Alabama Lawmakers Consider Building New Prisons With Pandemic Relief Funds
President Joe Biden’s sweeping $1.9 trillion COVID-19 rescue package known as the American Rescue Plan was signed in March, providing a stream of funds to states and cities to recover from the pandemic. Now, the state of Alabama is weighing the use of $400 million in pandemic relief funds to build new prisons, a proposal that state Republican leaders say would save state taxpayer money but that critics argue is not the intended use of the federal aid.
Alabama state lawmakers are scheduled to begin a special session on Monday focused on a $1.3 billion prison construction plan to build at least three new prisons and renovate others. The projects would be done in phases and funded with a $785 million bond issue, $150 million in general fund dollars, and $400 million from the state’s $2.2 billion share of American Rescue Plan funds. Gov. Kay Ivey and Republican legislative leaders have defended the use of the virus funds, saying it will enable the state to essentially “pay cash” for part of the construction and avoid using state dollars as well as paying interest on a loan. “We don’t have to borrow quite as much money and pay all that money back,” Ivey told reporters this week of why the virus funds should be used for prison construction.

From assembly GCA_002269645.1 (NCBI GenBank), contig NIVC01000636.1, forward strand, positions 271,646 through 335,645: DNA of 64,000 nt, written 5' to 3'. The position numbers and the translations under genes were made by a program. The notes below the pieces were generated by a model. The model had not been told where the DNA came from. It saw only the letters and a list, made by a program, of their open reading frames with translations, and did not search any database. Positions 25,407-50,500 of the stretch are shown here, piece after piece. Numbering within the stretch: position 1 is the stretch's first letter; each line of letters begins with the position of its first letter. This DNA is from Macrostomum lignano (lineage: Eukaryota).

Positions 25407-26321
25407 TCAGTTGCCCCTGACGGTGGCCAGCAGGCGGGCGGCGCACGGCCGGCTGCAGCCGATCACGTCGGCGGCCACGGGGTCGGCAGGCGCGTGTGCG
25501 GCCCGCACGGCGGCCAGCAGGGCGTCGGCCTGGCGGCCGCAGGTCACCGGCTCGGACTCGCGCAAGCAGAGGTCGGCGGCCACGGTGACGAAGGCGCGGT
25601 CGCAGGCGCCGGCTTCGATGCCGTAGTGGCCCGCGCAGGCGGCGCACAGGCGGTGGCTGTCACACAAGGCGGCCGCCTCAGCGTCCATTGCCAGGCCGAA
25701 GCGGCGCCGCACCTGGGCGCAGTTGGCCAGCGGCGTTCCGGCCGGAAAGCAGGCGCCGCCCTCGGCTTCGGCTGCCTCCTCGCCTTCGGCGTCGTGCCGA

The Alabama prison construction proposal calls for at least three new prisons — at least a 4,000-bed prison in Elmore County with enhanced space for medical and mental health care needs; another at least 4,000-bed prison in Escambia County; and a women’s prison — as well as renovations to existing facilities.
After his dreadful @CNN interview this morning, there’s no question at all that GQPer Tate Reeves is a mass murderer just like Ron DeSantis, Greg Abbott, Kristi Noem, Bill Lee, Kay Ivey and every other Republican who is working with Covid to murder tons of people. Lock them up.
— Ricky Davila (@TheRickyDavila) September 19, 2021
The U.S. Department of Treasury does not preapprove any specific uses of the funds and has not issued a final rule on usage. Treasury officials say the department is monitoring all proposed expenditures and expects any state or local government that uses state and local funds in violation of the eligible uses to repay the misused funds to the federal government.
Gov. Kay Ivey is calling the Legislature back for a special session to address Alabama's prison system. Arise's @DevWakeley breaks down two good reforms that legislators will consider and highlights areas where lawmakers' plans miss the mark. #alpolitics https://t.co/iFvB4Iyh7T
— Alabama Arise (@AlabamaArise) September 24, 2021